Posted: May 10, 2005 2:56 pm EST

Earth's stewardship more important than ever (~23 col. in.)
by Leaman Harris/The Edmond (Okla.) Sun
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    "It's Just My Opinion"

    By Leaman Harris
    CNHI News Service

    The recent sighting of an ivory-billed woodpecker, also known as the "Lord God" bird, in the Big Woods area of Arkansas is wonderful news to all of us interested in preserving our natural environment.
    Helping to ensure its recovery will provide some atonement for mistakes of the past. The story of Martha, the passenger pigeon, illustrates one of those mistakes.
    Martha died in a Cincinnati zoo on Sept. 1, 1914. She was the last living example of her kind. Her passing illustrates one of the most infamous examples of how human activity affects the biodiversity of this planet we all must share.
    An adult passenger pigeon was about 17 inches from beak to end of tail, and had a wingspan of 24 inches. It had beautiful blue iridescent feathers, steely red eyes and a rose-wine chest. The feathers were prized for ladies' hats and the meat was considered a delicacy.
    Stories about the bird's abundance from the mid-19th century are legendary. In midwestern and northeastern states flocks reportedly darkened the sky for hours. One observer in Saginaw, Mich., reported one day in 1873 a non-stop flyover from 7 in the morning until 4:30 in the afternoon. When a flock roosted at night tree limbs broke from the weight, and dung heaps several inches thick were left on the ground along with the bodies of birds suffocated in the pressure of the pack.
    By 1900 the passenger pigeon could no longer be found in the wild. A few birds were trapped and placed in zoos. The last males died in 1910. Martha survived until 1914. The 30 years from 1870 to 1900 witnessed the elimination of an estimated 5 billion passenger pigeons.
    The primary cause of the bird's demise was destruction of its habitat, the oak, chestnut and beechnut forests of the northeastern states.
    The birds descended upon grain fields as a secondary source of food but were driven off by farmers trying to save their crops. Millions of birds were captured in nets for shipment to eastern food markets, or for their feathers.
    Van Buren County, Michigan, alone sent 7.5 million birds to market in 1869. Hundreds of thousands were shot for sport. It was said that 40 to 50 birds could be felled with one shot as the multilayered flocks flew overhead.
    Passenger pigeons in their original numbers were incompatible with modern human activity. The eastern forests were cut down to make way for cities, factories and intensive agriculture.
    The bird was considered a pest to farmers' crops and there were readily available substitutes for its meat and feathers. Thus, an unconscious national consensus allowed the passenger pigeon to pass into oblivion.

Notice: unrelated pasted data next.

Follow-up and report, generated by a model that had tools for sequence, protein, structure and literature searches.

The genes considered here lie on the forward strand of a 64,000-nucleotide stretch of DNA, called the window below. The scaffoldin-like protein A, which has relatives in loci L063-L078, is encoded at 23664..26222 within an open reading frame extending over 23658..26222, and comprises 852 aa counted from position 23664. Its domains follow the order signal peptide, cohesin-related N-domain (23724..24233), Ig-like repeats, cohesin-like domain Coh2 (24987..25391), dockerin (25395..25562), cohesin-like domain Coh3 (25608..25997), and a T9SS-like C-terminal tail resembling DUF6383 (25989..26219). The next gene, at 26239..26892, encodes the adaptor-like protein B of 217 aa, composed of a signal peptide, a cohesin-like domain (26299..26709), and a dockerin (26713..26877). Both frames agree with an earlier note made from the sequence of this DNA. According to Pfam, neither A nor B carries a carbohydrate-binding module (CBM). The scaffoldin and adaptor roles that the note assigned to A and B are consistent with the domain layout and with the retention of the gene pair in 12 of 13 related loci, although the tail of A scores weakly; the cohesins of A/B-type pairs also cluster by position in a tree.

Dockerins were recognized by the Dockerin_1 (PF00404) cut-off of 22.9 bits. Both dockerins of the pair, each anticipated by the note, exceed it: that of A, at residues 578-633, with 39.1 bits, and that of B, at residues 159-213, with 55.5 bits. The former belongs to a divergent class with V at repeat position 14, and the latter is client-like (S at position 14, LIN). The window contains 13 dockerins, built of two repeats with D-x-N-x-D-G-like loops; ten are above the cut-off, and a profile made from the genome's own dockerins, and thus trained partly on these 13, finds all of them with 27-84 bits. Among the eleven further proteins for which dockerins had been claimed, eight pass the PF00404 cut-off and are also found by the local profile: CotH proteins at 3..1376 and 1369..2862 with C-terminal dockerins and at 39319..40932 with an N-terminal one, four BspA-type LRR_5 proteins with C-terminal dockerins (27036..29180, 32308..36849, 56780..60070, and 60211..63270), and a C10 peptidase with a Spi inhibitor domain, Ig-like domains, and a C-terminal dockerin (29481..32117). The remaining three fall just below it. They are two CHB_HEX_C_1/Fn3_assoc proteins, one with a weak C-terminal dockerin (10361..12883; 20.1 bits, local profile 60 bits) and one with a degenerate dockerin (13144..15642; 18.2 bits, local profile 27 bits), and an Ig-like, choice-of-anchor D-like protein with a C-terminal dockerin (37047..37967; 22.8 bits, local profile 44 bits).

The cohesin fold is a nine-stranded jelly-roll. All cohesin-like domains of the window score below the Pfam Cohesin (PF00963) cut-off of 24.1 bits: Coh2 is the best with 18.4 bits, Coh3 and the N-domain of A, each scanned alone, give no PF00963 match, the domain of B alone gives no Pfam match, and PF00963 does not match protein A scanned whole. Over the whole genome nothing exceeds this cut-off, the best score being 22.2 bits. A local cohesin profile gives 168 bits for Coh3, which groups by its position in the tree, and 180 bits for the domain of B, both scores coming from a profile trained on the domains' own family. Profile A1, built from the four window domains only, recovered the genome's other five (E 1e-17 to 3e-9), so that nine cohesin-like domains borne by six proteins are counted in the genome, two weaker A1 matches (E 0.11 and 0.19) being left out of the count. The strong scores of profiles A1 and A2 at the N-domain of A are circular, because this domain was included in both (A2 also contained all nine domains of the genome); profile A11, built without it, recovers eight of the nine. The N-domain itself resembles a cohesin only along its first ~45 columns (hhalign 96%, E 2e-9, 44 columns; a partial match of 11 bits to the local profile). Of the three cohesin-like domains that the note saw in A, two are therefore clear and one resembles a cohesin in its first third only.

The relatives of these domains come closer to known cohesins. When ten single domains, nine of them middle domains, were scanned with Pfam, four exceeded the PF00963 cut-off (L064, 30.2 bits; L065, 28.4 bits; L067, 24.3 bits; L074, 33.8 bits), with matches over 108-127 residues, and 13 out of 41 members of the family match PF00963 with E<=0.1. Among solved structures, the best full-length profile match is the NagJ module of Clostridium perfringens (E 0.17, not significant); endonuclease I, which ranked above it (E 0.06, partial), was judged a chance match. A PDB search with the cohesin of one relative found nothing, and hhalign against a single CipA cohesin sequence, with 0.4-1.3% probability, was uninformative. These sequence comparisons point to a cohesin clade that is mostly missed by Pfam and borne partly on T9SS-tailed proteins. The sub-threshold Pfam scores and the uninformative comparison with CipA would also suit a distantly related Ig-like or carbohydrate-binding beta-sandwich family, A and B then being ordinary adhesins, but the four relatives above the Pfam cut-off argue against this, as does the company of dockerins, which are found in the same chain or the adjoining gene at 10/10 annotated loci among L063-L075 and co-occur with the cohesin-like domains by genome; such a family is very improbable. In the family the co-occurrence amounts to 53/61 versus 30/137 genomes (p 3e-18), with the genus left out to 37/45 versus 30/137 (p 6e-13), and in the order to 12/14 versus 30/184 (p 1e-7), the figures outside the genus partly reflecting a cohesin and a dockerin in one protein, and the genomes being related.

Such unconscious decisions have allowed other recent extinctions such as that of the dodo bird, the Tasmanian tiger and the Madagascar giant lemur.
    Some heroic efforts have, at least temporarily, prevented the extinction of some species such as the whooping crane and the California condor. Still, biologists estimate that one quarter of all mammal species are threatened with extinction within the next 50 years, and the only primate that will remain outside the cages of zoos is us.
    The geologic record illustrates five great extinctions of the existing biosphere. The last one that eliminated the dinosaurs and about 80 percent of other living things occurred 65 million years ago. We are now experiencing the sixth great extinction and the finger of blame is pointed directly at us.
    The whole world has become a zoo, and for better or worse we humans have become the zookeepers. We are also residents in that zoo so it is in our interest to maintain a healthy menagerie of plants and animals that in some way benefit us in the form of food, medicines, shelter, clothing, environmental maintenance, beasts of burden, companionship or natural beauty.
    This awesome task cannot be accomplished by unconscious consensus. We must take an active role. Since many living organisms in the zoo are not yet catalogued or their properties known, the best approach is a stockbroker's advice: diversity.
    We must strive to ensure that the zoo contains the widest possible mix of living things. If we get it wrong the great owner of the zoo may look for a new zookeeper and let this one pass into oblivion.
    I take this task seriously enough that I have established a scholarship fund for graduate student research into biological diversity at the University of Kansas. I also serve on an advisory board to the Natural History Museum at that institution where biodiversity is a major theme of research.
    Pope John Paul II said in his encyclical "Redemptor Hominis" in 1979: "Man often seems to see no other meaning in his natural environment than what serves for immediate use and consumption. Yet it was the creator's will that man should communicate with nature as an intelligent and noble master and guardian, and not as a heedless exploiter and destroyer."
    Perhaps the ivory-billed woodpecker will remind us of our moral, as well as self serving, obligation to respect, preserve and protect God's creation.

    Leaman Harris writes for The Edmond (Okla.) Sun.

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